Sunday, February 7, 2010

How To Learn a Lesson, Better Yet....How to Teach One.

Ok, well, I don't know if it's the ONLY way to learn, but it's something that works best for me.

I remember reading years ago, and every year since, John Fogg's memorable, 'The Greatest Networker In The World.'

Hands down one of my favorite reads of all time. Engaging, entertaining, and offers the ability to teach lessons.

Today, I just read, for the first time, 'The Go-Giver', by Bob Burg & John David Mann.  I cannot believe I have not read this book yet. I guess it's one of those instances of, 'when the student is ready, the teacher will appear.'

I'm usually one to get my hands on books like this, and lordy knows I have seen this book everywhere, but for some reason I only borrowed it from the library today.

I drew up a nice, hot bath, and figured I'd start the book. It's pretty short, so hopefully I could get through it by the end of the weekend.

Well, it had me so involved, that I read the whole thing while in the tub. The water in the tub was pretty much cold by the time I got out. I just had to finish this book.

My head is still spinning, digesting the lessons taught in this book.

And then I realized something that was told to me once. The best way to teach is to put it into story form.

If we offer up lessons such as what is in the Go-Giver and TGN, and place them in just an outline or in a business outline, more than likely we'd forget the lessons quickly.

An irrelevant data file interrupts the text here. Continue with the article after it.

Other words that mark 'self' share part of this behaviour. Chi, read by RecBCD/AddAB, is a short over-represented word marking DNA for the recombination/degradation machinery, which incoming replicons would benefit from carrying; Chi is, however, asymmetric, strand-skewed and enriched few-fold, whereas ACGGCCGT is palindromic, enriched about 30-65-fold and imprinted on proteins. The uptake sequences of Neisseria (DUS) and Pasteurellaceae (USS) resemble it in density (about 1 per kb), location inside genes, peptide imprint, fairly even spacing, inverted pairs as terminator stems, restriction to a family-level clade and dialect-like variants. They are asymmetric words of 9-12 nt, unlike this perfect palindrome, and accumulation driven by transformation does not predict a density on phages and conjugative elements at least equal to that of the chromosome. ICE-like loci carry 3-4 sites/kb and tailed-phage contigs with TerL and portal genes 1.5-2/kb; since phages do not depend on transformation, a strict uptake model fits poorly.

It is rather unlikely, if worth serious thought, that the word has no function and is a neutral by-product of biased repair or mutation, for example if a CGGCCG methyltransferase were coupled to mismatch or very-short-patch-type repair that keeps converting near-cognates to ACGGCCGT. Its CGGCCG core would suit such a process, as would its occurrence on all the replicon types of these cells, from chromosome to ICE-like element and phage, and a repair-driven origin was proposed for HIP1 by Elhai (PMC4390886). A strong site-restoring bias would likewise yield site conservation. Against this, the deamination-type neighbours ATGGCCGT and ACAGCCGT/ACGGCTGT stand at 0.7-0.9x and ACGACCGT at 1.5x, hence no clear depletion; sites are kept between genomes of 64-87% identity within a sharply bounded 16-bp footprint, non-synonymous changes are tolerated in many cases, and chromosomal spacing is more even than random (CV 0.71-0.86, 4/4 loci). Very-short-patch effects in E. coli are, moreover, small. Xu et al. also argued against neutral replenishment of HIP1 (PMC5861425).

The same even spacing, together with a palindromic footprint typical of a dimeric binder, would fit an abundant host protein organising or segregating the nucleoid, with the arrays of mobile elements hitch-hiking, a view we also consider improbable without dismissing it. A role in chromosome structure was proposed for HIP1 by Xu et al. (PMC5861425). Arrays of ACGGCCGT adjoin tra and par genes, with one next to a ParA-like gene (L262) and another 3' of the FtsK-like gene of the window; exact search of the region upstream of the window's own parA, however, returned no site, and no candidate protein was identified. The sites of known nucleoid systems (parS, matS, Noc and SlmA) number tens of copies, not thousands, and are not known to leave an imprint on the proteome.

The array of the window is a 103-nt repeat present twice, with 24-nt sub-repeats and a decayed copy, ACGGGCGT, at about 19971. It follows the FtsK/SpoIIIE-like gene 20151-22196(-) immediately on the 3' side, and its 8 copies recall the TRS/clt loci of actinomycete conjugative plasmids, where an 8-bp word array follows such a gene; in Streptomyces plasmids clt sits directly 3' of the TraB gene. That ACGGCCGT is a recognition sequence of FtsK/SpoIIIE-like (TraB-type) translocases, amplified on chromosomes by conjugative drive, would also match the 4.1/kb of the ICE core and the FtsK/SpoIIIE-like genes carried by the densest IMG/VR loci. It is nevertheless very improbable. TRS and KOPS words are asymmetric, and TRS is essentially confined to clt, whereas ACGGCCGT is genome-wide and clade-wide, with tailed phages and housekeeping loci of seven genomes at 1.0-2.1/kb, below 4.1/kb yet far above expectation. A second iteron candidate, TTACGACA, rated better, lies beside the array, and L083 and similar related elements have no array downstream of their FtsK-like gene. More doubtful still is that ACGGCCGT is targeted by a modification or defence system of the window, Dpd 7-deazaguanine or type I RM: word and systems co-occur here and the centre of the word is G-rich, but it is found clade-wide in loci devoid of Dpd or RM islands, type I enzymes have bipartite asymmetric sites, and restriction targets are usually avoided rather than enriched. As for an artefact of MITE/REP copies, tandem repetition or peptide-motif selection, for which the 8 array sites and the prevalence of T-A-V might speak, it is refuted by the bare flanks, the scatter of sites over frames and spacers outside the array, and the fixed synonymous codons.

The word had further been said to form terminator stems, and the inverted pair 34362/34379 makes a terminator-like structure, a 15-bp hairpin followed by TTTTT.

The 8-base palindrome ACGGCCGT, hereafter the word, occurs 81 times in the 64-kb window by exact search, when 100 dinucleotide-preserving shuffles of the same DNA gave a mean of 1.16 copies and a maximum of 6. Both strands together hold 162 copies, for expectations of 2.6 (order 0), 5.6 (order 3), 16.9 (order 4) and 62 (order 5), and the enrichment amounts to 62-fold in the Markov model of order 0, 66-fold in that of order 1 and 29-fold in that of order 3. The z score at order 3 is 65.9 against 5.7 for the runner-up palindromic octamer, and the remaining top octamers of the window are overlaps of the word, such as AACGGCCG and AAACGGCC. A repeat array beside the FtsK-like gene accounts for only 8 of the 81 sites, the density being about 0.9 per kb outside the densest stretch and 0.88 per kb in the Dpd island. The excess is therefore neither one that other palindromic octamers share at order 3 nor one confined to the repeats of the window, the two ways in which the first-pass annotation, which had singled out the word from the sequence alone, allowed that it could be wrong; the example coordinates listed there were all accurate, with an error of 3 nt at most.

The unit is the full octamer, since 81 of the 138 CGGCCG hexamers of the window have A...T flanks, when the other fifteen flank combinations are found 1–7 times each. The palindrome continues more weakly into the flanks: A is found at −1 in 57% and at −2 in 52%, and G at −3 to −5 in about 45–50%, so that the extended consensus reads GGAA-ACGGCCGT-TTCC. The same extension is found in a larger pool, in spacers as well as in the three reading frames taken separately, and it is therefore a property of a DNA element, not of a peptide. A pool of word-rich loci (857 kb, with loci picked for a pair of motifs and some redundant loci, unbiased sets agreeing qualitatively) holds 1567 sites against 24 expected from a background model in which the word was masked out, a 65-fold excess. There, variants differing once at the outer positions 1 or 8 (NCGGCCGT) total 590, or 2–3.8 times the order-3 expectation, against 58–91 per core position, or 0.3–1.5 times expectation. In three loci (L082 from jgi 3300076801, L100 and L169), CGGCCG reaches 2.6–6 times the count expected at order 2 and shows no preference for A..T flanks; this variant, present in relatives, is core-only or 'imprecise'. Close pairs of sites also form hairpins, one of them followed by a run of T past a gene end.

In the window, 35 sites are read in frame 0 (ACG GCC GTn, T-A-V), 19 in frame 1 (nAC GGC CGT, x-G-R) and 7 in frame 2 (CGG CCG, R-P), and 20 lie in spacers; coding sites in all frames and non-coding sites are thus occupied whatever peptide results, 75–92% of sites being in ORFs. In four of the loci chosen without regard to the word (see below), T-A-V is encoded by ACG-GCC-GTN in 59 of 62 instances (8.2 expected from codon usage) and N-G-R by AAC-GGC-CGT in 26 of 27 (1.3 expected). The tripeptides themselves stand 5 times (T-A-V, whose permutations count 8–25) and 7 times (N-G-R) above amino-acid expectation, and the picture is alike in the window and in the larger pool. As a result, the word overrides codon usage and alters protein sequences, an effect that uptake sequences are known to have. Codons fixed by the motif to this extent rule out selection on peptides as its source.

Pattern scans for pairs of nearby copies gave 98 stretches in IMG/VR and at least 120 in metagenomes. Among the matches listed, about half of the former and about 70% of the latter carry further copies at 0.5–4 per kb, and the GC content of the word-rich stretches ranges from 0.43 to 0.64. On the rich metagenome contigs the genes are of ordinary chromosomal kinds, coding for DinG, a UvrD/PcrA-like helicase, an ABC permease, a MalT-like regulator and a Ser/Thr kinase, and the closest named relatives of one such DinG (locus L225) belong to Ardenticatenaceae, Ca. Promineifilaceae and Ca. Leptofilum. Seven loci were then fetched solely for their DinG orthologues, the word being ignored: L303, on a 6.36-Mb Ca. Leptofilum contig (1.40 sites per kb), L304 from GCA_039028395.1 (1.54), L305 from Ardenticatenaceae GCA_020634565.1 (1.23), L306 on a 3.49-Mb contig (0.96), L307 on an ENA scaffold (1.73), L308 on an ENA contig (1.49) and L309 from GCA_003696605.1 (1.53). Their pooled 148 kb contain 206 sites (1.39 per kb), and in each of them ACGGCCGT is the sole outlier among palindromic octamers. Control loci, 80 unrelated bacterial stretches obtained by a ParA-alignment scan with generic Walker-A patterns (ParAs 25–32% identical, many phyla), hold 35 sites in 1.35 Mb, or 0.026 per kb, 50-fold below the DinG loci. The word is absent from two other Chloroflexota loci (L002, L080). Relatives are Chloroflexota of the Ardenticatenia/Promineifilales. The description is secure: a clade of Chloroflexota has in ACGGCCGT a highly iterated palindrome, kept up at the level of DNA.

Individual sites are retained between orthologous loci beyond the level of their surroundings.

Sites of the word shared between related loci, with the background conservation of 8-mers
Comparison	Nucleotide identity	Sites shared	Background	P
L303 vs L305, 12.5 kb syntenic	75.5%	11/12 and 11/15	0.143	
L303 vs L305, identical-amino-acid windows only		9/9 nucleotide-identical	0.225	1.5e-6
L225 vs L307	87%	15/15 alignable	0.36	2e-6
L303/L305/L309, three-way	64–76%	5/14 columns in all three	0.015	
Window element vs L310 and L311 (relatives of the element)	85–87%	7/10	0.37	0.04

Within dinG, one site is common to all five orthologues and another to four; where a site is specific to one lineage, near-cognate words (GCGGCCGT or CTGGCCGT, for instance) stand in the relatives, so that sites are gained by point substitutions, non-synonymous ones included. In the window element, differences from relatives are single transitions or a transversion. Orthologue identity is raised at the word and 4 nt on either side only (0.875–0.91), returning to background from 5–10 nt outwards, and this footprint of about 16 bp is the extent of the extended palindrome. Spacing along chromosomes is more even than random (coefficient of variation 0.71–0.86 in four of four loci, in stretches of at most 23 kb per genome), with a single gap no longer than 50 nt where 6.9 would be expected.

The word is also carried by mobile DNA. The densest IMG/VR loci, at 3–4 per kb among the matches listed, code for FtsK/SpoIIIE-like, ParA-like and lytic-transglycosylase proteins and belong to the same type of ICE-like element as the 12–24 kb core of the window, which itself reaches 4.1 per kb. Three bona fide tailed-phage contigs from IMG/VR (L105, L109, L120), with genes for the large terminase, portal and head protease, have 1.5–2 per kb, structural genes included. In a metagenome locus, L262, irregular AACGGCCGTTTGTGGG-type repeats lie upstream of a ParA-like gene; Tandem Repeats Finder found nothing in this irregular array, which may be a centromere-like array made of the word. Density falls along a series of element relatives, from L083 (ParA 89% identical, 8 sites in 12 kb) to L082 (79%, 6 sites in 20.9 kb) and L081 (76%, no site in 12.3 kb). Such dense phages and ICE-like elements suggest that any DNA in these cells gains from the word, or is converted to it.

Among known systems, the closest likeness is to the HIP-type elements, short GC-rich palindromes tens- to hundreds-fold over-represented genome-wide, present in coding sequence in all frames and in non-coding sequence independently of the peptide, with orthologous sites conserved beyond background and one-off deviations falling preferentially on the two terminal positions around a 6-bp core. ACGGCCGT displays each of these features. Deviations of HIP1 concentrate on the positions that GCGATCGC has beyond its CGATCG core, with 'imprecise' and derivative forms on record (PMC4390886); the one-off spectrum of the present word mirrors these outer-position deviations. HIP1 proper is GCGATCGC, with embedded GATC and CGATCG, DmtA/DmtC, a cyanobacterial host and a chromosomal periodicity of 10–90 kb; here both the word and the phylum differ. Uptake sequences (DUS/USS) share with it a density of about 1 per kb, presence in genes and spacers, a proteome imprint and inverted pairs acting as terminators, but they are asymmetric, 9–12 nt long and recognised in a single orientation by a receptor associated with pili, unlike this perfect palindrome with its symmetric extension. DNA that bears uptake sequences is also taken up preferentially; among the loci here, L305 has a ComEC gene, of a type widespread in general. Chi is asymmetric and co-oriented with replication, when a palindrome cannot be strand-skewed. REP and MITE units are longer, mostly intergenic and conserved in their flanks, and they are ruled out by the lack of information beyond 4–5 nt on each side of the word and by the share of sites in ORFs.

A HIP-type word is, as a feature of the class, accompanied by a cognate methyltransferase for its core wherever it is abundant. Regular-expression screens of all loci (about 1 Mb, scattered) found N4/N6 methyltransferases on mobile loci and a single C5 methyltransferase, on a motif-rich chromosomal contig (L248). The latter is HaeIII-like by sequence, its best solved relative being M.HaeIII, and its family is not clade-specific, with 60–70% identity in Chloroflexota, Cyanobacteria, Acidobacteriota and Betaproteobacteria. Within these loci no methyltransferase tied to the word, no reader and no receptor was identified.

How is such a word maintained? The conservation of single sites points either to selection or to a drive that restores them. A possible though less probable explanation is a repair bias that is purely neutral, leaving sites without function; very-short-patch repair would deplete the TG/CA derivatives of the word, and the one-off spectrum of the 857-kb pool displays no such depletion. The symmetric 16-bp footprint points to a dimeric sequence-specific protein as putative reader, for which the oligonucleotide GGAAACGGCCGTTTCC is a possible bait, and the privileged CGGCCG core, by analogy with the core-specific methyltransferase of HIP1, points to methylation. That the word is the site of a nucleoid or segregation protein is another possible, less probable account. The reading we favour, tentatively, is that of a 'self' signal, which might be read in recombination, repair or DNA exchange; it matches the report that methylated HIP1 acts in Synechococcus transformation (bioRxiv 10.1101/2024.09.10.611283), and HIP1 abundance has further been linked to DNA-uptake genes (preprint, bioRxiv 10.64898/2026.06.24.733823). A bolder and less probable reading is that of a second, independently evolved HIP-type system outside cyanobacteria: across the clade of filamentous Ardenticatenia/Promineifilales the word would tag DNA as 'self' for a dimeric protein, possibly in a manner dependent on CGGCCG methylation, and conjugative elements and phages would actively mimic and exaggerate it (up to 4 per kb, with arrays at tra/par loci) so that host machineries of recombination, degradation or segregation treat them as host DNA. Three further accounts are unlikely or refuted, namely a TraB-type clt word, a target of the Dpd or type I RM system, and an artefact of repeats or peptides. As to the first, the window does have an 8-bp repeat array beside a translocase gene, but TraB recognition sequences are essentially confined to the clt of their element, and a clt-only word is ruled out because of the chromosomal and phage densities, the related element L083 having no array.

Why? Because it doesn't hit our emotions. Our brains don't allow it to get past our conscious thought. With stories, we are given the opportunity to attach emotion to the story, the characters, and the lessons involved.

Look at the great books on the market:

Who Moved My Cheese
The Go-Giver
The Richest Man in Babylon

and more....

The lessons are given to us in story form. The lessons sink in, in a different way then if they were presented to us in a standard, 'here are the lessons', type of book.

Another way to do this is to present the lesson, then give an example of how it was applied to a situation in real life.

So when we are working with people, whether it's with our kids, or with co-workers, team partners, speaking to a crowd, etc, think about getting the message across with a story. Capture their imaginations and present the lesson in the story.

~Namaste,
Jhanna

3 comments:

Bob Burg said...

Hi Jhanna,

Thank you for your very, very kind words about John David Mann's and my book. Very appreciated. And, thank you for including it in such terrific company, as well.

Best regards,

Bob

Jhanna Dawson said...

Bob, what on honor that you left a comment. The Go-Giver is one of those books that has found itself a permanent place on my bookshelf of must reads.

I can't wait to get my hands on your new book, 'Go-Givers Sell More'.

I have no doubt it will become another of my favorites.

Thank you again, for all you and John David Mann have contributed and continue to contribute, and for commenting on the post. :)

Namaste',

Jhanna

Kim Williams said...

great observation. one of the first lessons a good preacher learns is to tell a story. no matter what else you do, tell a good story.

i noticed the Bill Bartman book in your side bar. I had the pleasure of meeting him a couple of years back. we shared breakfast and conversation at a conference i was attending. very knowledgeable and amazingly courageous man.